Apple’s long-awaited HomePod Mini is finally here. The smaller Siri-enabled smart speaker bridges a strange gap between its competitors with a $99 (£99, AU$149) price tag like Google’sand the , and those that, like itself, come in a small package like the and . ( .) Apple unveiled the original HomePod two years after Amazon dropped its first small smart speaker. Bulky and expensive, with Siri still improving, it didn’t sweep the market. Now, Apple is back at it with the HomePod Mini, a smaller, more affordable smart speaker offering.
In short, if you like Apple — and if Siri is your smart assistant of choice and HomeKit is your preferred smart home service — you’re going to love Apple’s newest smart speaker. If you’re already living with an iPhone, Apple TV or original HomePod the Mini makes sense as your next small smart speaker. If not, well, we have a few more ideas on how to spend that $99.
The HomePod Mini is small and spherical like its competitors. It’s wrapped in an acoustics-friendly mesh fabric, and comes in white or space gray. The touch control pad with LED indicators is nearly identical to the original HomePod.
In short, Apple didn’t wow me with a rethinking of the small smart speaker. However, the HomePod Mini is good-looking. It’s adorably apple-shaped and predictably sleek. It fits the Apple aesthetic and at 3.3 inches, the HomePod Mini is so small it hides itself easily on your bookshelf, desk or kitchen counter.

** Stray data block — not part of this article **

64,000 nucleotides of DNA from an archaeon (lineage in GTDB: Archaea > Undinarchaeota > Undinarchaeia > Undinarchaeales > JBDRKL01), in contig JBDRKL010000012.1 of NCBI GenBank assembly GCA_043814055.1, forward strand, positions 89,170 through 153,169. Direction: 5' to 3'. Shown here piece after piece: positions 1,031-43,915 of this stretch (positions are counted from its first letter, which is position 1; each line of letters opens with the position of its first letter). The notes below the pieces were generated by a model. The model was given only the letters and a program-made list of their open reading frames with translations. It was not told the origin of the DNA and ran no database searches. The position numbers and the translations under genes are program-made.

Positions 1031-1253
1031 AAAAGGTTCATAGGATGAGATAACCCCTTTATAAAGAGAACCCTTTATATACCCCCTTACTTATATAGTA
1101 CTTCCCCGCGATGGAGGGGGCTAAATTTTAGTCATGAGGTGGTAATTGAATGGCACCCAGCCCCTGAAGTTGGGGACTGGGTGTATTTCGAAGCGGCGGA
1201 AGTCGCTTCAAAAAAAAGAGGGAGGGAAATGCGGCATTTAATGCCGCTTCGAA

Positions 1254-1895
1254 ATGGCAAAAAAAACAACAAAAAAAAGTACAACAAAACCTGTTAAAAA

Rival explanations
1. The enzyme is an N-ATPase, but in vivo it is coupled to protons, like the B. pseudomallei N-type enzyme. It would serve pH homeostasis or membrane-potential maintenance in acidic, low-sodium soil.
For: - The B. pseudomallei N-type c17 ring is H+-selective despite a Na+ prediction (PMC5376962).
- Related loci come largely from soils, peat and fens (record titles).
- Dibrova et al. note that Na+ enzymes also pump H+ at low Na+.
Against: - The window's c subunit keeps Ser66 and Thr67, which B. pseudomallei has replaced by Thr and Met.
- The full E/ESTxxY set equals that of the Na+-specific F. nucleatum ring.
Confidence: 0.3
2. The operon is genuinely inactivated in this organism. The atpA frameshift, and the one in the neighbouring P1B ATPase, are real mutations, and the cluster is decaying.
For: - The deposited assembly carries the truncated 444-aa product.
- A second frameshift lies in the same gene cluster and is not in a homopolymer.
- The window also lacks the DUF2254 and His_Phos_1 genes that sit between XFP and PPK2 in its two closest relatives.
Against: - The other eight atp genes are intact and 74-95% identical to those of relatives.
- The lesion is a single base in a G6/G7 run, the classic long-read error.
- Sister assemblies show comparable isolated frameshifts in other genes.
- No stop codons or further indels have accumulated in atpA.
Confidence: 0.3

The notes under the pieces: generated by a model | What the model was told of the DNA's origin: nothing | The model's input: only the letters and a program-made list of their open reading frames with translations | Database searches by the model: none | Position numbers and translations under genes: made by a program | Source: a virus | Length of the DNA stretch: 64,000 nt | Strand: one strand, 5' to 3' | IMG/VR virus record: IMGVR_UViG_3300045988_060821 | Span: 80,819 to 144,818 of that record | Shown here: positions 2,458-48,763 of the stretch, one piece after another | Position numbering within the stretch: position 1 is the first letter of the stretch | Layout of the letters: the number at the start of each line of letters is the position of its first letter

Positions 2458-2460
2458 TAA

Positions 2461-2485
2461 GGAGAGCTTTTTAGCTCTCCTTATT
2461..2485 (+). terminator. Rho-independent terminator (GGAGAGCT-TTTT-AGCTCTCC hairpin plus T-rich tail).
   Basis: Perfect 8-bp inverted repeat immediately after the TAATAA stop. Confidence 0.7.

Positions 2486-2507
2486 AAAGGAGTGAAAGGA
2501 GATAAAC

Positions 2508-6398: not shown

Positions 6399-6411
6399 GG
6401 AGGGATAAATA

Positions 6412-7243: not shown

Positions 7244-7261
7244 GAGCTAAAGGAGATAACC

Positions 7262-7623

One note: the fabric on the speaker and the spherical shape are designed to enhance audio quality. I can’t prove that it does, but the HomePod Mini certainly doesn’t sound like it’s being muffled or hindered by any design features.
We’ve reached a point in the smart speaker timeline where there’s a general expectation of what smart speakers can do. If I said, “Well, it does all the basic smart speaker stuff,” you’d pretty much know what I meant. Weather, commute times, general knowledge questions, making calls and playing music are all standard fare for smart speakers from every brand.